Like many things in life, wine is cyclical.
If you drink it long enough (I’m speaking in moderation over a good number of years, not multiple hours in a single setting), you’ll see styles come and go.
It’s sort of like fashion that way.
Chardonnay is a good example of a variety that has gone through big changes over the years.
When I was first getting into wine in the late 1980s, what became known as the “California style” was just beginning to hit its stride. These were wines that underwent malolactic fermentation and were aged in new oak barrels, producing a rich, creamy, buttery elixir that coated the palate and lingered.
A handful of such bottlings garnered extremely complimentary reviews from influential critics, and within a few vintages, it seemed like every California winery had embraced the style.
There was nothing subtle or even remotely fruitful about these wines, and their “sameness” ultimately hindered brand loyalty. In order to stand out, some wineries made their Chardonnays even more buttery and more oaky.
Then, one year, a funny thing happened: The market was hit with an influx of value-priced Chardonnay from Australia. Consumers tried it because of the price, and a lot of them liked it.
This was surprising to some because Australian Chardonnay didn’t taste anything like California Chardonnay.
Not even close.
Australian Chardonnay tasted…fruity. It also was more refreshing, and paired nicely with a wide array of dishes and cuisines.
Many Aussie vintners got in the habit of including the word “Unwooded” on their Chardonnay labels.
Well, American vintners—particularly the large corporate ones—are nothing if not savvy about the marketplace. When fruity, food-friendly Aussie Chardonnay began taking market share from buttery, oaky California Chardonnay, numerous California vintners began toning down the oak. Some abandoned it completely.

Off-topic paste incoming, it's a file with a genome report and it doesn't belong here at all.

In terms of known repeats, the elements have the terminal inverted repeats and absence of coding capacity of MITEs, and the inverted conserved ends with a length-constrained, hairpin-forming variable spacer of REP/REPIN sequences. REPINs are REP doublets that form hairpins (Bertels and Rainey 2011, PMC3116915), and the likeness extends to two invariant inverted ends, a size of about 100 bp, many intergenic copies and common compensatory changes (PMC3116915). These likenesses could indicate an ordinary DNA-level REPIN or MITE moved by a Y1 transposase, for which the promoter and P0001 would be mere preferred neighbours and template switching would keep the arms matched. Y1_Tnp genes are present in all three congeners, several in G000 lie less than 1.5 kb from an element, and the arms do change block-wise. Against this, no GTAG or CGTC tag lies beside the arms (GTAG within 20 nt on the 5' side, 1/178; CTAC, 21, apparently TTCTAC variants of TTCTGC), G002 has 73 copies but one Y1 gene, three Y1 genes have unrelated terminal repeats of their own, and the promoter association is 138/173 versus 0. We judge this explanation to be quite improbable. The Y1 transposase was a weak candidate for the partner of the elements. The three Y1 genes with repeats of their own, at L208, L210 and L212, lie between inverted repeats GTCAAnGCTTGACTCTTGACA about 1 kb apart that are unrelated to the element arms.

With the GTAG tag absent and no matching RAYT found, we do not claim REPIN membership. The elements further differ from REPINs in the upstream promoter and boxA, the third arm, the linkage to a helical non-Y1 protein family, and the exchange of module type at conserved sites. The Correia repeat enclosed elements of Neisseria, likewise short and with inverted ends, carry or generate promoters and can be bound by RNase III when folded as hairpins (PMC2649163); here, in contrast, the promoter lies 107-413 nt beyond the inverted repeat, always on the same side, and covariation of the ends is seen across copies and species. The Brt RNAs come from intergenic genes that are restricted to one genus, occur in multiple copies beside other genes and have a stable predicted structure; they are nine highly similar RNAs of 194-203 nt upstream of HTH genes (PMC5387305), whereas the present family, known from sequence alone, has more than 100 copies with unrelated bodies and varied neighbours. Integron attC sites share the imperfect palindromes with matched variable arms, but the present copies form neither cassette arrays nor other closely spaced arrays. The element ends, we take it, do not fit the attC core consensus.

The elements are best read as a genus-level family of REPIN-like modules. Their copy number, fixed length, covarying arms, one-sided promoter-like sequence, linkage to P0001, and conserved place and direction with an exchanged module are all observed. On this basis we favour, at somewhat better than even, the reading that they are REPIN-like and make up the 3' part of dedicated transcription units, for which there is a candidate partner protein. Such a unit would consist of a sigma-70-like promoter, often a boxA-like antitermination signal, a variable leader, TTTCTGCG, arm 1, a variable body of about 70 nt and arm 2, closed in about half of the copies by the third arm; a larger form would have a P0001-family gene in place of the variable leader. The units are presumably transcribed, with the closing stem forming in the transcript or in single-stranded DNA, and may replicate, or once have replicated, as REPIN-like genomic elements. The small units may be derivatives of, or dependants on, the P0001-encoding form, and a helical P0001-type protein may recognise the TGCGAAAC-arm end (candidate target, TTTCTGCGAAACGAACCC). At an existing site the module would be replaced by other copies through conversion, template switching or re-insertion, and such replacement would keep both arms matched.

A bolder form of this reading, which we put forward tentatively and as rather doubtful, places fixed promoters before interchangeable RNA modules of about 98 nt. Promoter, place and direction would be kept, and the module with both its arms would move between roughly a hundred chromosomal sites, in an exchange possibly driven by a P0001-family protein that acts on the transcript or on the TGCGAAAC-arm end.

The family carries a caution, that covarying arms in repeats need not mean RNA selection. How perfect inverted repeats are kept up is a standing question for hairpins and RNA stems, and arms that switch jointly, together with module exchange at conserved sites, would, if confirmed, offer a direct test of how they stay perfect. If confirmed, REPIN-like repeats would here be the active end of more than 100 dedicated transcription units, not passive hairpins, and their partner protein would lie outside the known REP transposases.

Now, we’re seeing more and more California wineries making Chardonnay in the Aussie style, and labeling it with provocative verbiage such as “naked” or “virgin.”
The most common word, though, is “unoaked.” See that on a label, and you can expect to experience a fruit-forward, food-friendly wine, rather than a rich, buttery, oaky, best-consumed-sans-food beverage.
Both styles have their followers, and both styles can be quite enjoyable when the wine is well made and its various elements are in good balance.
I do have one gripe, however. It comes from me, the writer/editor—not from me, the wine lover.
The word “unoaked”—and I’m not sure it even is an “official” word—implies that oak was utilized at some stage of the winemaking process, and then suddenly, somehow, taken away. And that’s not what happens at all.
A better, more grammatically correct term would be “non-oaked,” indicating that the wine never was exposed to oak.
Of course, language also is cyclical and ever evolving. And these days, bad grammar does seem to be in vogue.